As we approach Thanksgiving, you might consider the myth of the pumpkin pie: “Early American settlers of Plimoth Plantation (1620-1692), the first permanent European settlement in southern New England, might have made pumpkin pies (of sorts) by making stewed pumpkins or by filling a hollowed out shell with milk, honey and spices, and then baking it in hot ashes. An actual present-day pumpkin pie with crust is a myth, as ovens to bake pies were not available in the colony at that stage”. Taken from the website, Whats Cooking America. (http://whatscookingamerica.net/History/PieHistory/PumpkinPie.htm) Even if it wasn’t a pie then, I plan to enjoy my pumpkin as a pie this year.
Stop in and check out our new books. Maybe one of these will be just the thing to sit and enjoy after your Thanksgiving dinner.
A Most Wanted Man by John LeCarre. When boxer Melik Oktay and his mother, both Turkish Muslims living in Hamburg, take in a street person calling himself Issa they set off a chain of events implicating intelligence agencies from three countries.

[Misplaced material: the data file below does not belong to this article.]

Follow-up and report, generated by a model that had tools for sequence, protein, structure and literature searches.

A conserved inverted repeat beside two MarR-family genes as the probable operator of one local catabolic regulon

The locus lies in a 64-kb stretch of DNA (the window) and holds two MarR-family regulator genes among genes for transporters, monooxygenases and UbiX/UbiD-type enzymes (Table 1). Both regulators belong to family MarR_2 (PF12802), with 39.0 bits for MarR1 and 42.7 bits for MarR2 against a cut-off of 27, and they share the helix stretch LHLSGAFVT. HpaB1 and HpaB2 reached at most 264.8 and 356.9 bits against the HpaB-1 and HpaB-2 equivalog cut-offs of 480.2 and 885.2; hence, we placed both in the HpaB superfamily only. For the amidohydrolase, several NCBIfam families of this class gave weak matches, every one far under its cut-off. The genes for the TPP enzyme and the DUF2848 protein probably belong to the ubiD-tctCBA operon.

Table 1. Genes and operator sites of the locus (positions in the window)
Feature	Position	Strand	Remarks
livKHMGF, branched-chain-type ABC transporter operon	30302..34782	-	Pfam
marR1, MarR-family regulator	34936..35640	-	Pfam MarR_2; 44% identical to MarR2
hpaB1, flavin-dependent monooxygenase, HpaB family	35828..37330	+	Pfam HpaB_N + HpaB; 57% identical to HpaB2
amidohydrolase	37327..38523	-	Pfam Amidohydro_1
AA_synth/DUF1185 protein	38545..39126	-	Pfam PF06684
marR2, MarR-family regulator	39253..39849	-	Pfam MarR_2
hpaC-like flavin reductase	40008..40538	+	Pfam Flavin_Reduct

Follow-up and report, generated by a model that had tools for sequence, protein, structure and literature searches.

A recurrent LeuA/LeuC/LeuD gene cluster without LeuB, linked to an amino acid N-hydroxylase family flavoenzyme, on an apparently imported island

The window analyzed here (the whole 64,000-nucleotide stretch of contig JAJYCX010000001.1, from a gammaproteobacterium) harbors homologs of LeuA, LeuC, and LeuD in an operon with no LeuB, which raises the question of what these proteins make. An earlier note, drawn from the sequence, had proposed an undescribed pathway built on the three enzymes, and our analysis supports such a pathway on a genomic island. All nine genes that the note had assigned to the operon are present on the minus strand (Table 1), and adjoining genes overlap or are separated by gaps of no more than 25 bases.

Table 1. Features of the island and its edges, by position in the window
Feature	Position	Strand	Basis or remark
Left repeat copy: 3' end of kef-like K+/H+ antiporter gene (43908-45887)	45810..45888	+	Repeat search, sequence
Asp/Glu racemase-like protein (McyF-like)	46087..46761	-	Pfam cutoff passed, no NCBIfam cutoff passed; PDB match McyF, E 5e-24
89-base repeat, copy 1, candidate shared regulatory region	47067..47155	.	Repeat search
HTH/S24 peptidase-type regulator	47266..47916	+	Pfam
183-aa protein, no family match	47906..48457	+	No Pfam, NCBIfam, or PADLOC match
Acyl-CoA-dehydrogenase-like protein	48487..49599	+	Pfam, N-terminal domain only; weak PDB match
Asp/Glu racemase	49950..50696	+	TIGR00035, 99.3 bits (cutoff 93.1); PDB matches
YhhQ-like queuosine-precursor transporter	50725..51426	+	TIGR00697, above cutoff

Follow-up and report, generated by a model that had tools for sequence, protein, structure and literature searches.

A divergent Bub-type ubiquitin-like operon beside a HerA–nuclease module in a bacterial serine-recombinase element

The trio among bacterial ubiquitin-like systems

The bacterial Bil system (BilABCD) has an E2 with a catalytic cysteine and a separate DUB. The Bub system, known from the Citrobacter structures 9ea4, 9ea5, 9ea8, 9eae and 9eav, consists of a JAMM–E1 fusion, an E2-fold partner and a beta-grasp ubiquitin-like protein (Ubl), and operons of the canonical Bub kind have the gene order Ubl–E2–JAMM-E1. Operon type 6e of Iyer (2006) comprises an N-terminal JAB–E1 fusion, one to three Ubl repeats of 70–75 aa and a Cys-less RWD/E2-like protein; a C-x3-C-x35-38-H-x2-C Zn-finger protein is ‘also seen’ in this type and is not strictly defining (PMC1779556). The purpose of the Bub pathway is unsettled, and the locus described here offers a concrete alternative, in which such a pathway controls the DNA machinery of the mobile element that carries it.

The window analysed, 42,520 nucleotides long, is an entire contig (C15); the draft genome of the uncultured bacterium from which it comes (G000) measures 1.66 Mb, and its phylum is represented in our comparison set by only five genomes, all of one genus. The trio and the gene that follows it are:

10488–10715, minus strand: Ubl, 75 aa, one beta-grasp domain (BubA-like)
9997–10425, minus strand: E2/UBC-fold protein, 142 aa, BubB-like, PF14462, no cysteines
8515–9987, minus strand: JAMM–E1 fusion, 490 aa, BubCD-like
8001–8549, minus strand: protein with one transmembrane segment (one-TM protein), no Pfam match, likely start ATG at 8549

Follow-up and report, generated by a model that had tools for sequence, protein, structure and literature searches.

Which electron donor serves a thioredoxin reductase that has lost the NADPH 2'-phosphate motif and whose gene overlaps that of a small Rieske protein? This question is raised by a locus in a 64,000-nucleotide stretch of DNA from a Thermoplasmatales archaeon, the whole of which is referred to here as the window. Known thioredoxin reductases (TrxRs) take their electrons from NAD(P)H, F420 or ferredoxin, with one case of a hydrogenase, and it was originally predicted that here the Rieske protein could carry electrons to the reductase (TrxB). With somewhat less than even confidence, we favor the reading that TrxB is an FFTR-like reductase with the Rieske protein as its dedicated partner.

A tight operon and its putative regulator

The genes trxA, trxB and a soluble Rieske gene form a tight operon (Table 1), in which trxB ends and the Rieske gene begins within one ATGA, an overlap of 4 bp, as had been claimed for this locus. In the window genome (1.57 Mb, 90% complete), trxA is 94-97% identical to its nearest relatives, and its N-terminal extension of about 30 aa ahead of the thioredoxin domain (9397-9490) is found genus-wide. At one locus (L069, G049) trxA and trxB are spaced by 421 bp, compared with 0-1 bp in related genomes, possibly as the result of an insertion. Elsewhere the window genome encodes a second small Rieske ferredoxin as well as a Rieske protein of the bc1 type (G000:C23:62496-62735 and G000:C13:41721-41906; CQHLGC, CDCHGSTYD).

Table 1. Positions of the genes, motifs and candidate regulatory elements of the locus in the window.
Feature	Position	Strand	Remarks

Heat Lightning by John Sandford. It’s a hot, humid summer night in Minnesota, and Flowers is in bed with one of his ex-wives when the phone rings. It’s Lucas Davenport. There’s a body in Stillwater—two shots to the head, found near a veteran’s memorial. And the victim has a lemon in his mouth. Exactly like the body they found last week.
Final Justice by Fern Michaels. The Sisterhood -- Myra, Annie, Alexis, Yoko, Nikki, and Isabelle -- have risked everything in the name of justice, including their own freedom. Their most recent mission promises to reward them with the ultimate prize -- a presidential pardon and a chance to leave their enforced exile. But as they've learned too many times before, life doesn't always turn out as planned.